It appears that the relationship between China and Tesla continues to sour, after a recent expose shined light on the true state of quality control and working conditions at the company’s Shanghai factory.
Several weeks ago, it was revealed that China is forcing Tesla to recall its Model X and Model S vehicles following numerous allegations of faulty suspensions, roofs flying off etc, leading to Tesla’s first major rift with the communist state. Then, to add insult to injury, Apple rained on Tesla’s S&P 500 debut party with its EV market entrance announcement, which ended up casting even more doubt on Tesla’s bullish future.
However, it turns out that Elon Musk must not have made it on the ‘nice’ list this year, because come Christmas day, a brutal expose was released by Chinese company PingWest, which alleges poor quality control (or lack thereof) at Tesla’s Shanghai factory, as well as the barbarous working conditions that the factory’s workers are forced to endure. The article, titled “Giga-Sweatshop Meets Corporate Overlords: an Exclusive Look Into How Tesla China Runs its Shanghai Gigafactory 3” certainly sounds like a mouthful, but it brings attention to the disconnect between the automaker’s alleged technological advancements and soaring market cap that is larger than 9 of the major automakers combined.
The article relates China’s decision to recall certain Tesla models to the company’s allegedly poor quality controls, which have been on a downward trajectory in order to compensate for production goals. According to employee reports cited in the piece, Tesla attempted to avert a recall on its defective ball knobs which could significantly affect the control of Model S vehicles. The company’s internal data suggested that there were at least 100 similar cases of faulty knobs, but instead of issuing a recall, employees were told that the part would be secretly changed only in the event that the affected vehicles were brought in for service.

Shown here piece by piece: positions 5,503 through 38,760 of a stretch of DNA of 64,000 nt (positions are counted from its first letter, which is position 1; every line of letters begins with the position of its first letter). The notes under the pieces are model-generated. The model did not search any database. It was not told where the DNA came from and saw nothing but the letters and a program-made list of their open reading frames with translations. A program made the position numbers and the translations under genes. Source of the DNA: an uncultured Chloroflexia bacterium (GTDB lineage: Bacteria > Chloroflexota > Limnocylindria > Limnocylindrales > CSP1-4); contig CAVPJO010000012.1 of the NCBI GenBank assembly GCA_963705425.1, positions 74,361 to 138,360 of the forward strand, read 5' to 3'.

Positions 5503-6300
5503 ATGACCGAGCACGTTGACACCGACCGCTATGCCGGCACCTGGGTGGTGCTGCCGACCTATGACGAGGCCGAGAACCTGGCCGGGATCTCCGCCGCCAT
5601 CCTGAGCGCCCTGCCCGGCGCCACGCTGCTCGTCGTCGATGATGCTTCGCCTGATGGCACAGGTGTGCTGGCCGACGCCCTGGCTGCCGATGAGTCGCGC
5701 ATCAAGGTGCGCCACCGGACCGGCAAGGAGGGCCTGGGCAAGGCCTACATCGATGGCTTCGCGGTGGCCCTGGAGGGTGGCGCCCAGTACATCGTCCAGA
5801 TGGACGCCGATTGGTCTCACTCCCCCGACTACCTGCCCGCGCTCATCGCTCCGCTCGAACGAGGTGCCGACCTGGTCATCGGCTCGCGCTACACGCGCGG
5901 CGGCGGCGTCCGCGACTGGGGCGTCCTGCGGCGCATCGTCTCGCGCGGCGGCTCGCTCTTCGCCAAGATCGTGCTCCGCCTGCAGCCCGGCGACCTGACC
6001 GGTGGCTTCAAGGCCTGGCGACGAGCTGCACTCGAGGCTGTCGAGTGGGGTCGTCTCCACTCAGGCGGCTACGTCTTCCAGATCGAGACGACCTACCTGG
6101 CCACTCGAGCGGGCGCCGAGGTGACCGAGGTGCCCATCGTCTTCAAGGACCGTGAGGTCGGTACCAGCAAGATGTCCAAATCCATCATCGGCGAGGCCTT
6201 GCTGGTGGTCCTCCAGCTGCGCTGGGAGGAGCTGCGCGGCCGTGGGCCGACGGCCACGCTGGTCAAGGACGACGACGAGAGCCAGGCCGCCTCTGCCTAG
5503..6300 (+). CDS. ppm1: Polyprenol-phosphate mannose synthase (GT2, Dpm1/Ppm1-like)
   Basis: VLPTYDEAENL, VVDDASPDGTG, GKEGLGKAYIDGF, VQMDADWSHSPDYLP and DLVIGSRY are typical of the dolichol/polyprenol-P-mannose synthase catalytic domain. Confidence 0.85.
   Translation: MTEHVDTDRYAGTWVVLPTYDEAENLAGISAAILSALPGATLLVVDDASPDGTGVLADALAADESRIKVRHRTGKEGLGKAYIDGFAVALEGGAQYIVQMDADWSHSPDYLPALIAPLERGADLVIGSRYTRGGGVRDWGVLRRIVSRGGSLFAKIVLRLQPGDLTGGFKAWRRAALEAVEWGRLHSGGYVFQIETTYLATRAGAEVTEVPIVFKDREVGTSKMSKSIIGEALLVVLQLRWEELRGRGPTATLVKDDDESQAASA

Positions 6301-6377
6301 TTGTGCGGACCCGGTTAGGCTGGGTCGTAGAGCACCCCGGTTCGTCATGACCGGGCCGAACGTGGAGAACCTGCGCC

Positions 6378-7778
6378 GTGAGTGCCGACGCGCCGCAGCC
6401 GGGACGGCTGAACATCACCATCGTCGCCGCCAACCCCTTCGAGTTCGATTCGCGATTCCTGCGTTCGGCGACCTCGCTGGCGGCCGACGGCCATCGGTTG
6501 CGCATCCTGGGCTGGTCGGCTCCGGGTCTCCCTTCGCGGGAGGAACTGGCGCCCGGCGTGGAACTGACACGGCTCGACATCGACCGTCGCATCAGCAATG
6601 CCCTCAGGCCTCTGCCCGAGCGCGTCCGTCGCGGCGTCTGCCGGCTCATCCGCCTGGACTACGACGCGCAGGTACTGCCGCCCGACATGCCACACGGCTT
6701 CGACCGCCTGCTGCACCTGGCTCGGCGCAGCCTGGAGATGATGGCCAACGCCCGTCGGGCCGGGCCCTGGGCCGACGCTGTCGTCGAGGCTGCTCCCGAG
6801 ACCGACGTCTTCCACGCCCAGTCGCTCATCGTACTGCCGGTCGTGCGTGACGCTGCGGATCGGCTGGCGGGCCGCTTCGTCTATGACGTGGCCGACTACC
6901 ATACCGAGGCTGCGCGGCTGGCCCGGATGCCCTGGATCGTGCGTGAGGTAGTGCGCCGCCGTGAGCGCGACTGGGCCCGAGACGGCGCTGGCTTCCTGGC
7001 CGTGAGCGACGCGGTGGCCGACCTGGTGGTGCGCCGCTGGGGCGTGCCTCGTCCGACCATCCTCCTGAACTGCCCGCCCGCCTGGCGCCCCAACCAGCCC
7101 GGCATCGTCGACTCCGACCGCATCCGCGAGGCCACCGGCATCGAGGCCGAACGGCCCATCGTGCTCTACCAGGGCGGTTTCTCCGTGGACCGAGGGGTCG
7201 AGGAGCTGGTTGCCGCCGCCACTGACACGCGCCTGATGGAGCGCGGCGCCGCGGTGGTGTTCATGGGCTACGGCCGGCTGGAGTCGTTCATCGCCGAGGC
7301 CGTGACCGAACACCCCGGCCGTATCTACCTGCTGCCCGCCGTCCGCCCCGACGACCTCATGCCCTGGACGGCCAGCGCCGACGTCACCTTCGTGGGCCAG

Moreover, the report also alleges that Tesla lowered its quality control standards at its Shanghai factory in order to get cars out of the door. According to one unnamed employee, vehicles used to require at least 80 points in order to leave the factory, but now only need 60. In addition, quality concerns raised by employees are not taken seriously at the plant, which in turn ends up negatively impacting the worker’s confidence and ultimately leads to even more defective products.
The article continues, and shines light on the excruciating pace the factory works at, and how Tesla is able to churn out so many vehicles in such a short amount of time in China. Contrary to popular belief, PingWest found that Tesla’s significantly high production volume is not synonymous with the company’s boasted technological advancements, but rather the result of grueling high-intensity manual labour that is evident across many industries in China. In fact, many of the workers at the Shanghai factory became disappointed when they realized that the high-tech depicted in Tesla’s promotional videos is nowhere to be found in the the low-tech reality at their work stations.
PingWest goes on to note that many workers have also been quitting not only as a result of the strenuous working conditions present at the factory, but also because they have seen their benefits shrink or become nonexistent. Tesla’s promise of high base wages and allowances were also not kept, and rumours surrounding the cancellation of overtime allowance led to many workers leaving their job. However, despite the poor quality control and below par working conditions, employees told PingWest that the only thing that keeps worker morale up is Tesla’s stock.
The report articulated that the happiest time for the factory’s workers is during the night when US stock markets start trading, prompting them to open the trading apps on their phones during their minuscule window for a break and watch the chart go higher and higher. Although Tesla cancelled stock options for its lower-tiered employees, many still hold various amounts of stock, presumably on a one year lock up period.
As such, it is becoming increasingly evident that Tesla’s astronomical empire is being built up on the premise that the company’s stock price will continuously keep increasing; however, it is worth noting that if employee morale is already at its lowest point, what will happen in the event that Tesla’s stock takes a nosedive?
Information for this briefing was found via PingWest. The author has no securities or affiliations related to this organization. Not a recommendation to buy or sell. Always do additional research and consult a professional before purchasing a security. The author holds no licenses.